Alcoa (AA) unofficially kicks off the earnings reporting season with third quarter results due out Tuesday after the close of trading. Judging by the action in the share price lately, investors don't expect to hear much good news. The stock fell 5.9 percent Monday and is down almost 50 percent since the end of the second quarter. Ouch!
The same tale can be told over and over. Shares of many major US companies took a beating in the third quarter and the selling continues during the first four trading sessions in October. So, with the earnings-reporting season just around the corner, just how bad are these results expected to be? Let's break it down by sector and see.
As most of us know by now, the financials are still reeling and it's not a surprise that the sector will post a year-over-year decline in earnings. According to earnings estimates compiled by Standard & Poor's, aggregate operating earnings for the financial companies in the S&P 500 will total $2.80 in the third quarter, which is down more than 50 percent from $5.89 in the third quarter 2007. On the bright side, the results are a significant improvement over the loss of $1.05 seen during the second quarter.
In fact, all sectors of the market will post positive earnings and most will show an improvement from the third quarter of last year. The table below provides a breakdown. Outside of the financial companies, only two other sectors will show year over year profit declines in the third quarter, according to the most recent estimates. Total operating earnings of consumer discretionary companies (cyclicals) are expected to fall to $2.19 from $2.64 a year earlier (down 17.2 percent). Profits for the utility companies within the S&P 500 are expected to fall to $4.18 from $4.21, or .8 percent.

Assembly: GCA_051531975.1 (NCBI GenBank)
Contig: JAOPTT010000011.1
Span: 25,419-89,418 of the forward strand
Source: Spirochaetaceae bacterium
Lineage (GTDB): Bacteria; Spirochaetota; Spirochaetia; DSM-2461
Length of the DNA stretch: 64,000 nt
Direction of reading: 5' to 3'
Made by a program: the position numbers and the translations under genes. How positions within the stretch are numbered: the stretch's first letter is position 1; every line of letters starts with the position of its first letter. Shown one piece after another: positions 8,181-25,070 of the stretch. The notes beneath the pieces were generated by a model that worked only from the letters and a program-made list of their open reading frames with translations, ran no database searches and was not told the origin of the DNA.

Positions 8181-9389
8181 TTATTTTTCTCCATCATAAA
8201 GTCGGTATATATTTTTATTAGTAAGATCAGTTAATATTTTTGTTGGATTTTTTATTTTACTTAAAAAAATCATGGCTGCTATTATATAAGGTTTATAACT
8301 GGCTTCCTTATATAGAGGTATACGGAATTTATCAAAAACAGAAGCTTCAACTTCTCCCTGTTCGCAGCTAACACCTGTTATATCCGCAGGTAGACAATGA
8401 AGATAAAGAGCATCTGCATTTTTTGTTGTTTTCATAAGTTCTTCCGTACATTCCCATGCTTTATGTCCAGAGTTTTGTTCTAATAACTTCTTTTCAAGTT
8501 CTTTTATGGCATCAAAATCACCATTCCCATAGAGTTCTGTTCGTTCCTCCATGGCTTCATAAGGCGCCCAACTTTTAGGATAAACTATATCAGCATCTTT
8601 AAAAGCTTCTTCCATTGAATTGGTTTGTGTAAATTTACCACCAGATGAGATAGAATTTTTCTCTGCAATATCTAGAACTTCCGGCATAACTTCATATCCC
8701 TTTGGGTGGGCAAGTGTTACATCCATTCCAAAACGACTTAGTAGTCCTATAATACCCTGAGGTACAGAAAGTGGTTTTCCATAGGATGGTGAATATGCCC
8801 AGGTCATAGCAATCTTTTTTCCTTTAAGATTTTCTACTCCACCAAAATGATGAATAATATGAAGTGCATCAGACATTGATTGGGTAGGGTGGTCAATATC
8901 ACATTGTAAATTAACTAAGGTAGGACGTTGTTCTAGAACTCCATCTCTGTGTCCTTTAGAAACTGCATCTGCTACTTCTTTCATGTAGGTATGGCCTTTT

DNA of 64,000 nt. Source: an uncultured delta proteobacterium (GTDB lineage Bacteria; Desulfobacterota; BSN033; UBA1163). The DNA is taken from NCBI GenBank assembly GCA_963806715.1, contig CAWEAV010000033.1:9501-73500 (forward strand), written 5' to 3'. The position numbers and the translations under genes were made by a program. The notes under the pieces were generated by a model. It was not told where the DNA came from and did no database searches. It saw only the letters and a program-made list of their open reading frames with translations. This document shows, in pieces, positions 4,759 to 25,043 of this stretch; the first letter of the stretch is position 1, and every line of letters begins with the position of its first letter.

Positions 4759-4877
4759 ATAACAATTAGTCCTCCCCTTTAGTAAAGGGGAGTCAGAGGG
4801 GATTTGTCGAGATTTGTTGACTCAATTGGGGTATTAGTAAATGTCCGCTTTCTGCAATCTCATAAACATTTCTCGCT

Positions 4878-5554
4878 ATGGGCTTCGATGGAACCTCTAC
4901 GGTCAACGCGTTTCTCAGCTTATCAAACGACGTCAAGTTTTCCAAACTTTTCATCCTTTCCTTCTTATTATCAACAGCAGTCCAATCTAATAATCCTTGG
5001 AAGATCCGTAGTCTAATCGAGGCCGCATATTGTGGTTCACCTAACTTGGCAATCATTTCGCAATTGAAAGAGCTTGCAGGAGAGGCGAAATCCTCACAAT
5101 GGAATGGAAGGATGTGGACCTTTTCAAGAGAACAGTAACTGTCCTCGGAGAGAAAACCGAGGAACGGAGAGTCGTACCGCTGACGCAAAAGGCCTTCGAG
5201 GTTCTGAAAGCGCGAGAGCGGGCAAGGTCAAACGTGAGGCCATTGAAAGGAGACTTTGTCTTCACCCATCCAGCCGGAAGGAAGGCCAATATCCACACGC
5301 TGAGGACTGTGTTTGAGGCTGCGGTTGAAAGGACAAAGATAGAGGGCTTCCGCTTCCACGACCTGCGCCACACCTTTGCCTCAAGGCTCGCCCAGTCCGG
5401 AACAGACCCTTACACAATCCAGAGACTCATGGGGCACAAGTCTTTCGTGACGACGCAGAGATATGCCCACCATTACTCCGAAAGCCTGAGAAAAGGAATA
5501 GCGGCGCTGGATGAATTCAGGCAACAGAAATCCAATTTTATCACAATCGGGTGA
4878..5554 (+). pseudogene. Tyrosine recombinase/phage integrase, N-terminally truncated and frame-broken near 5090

Energy related companies will see the most significant improvement in profits during the third quarter. Total operating earnings in the sector are estimated to increase to $15.57, or 42 percent above the $10.96 seen in the year ago period. Telecommunication, healthcare, technology, and consumer staples are among the other sectors showing positive year-over-year profit growth.
As a whole, S&P 500 companies are expected to post operating earnings of $20.83, which is down slightly from $20.87 last year. It is also well below the $24 expected a few months ago. However, analysts also expect a recovery in the fourth quarter, with financials leading the way. Total earnings are expected to increase to $23.13 in the final quarter of 2008. If so, it would represent a 53-percent improvement from the fourth quarter of 2007.
Importantly, fourth quarter estimates might be guided lower when third numbers are released. In general, companies will beat estimates for the most recent period because estimates are guided lower throughout the quarter. When the final numbers are in, results generally top estimates by 1 or 2 percent. If so, the final third quarter results, which are expected to fall .2 percent, might show year over year growth of 1 or 2 percent. However, the outlook for the fourth quarter is less certain and, if analysts are too optimistic in their expectations, those estimates could be ratcheted lower. For that reason, investors will be listening to, not just what Alcoa and others say about the third quarter, but any guidance that they might give for the fourth.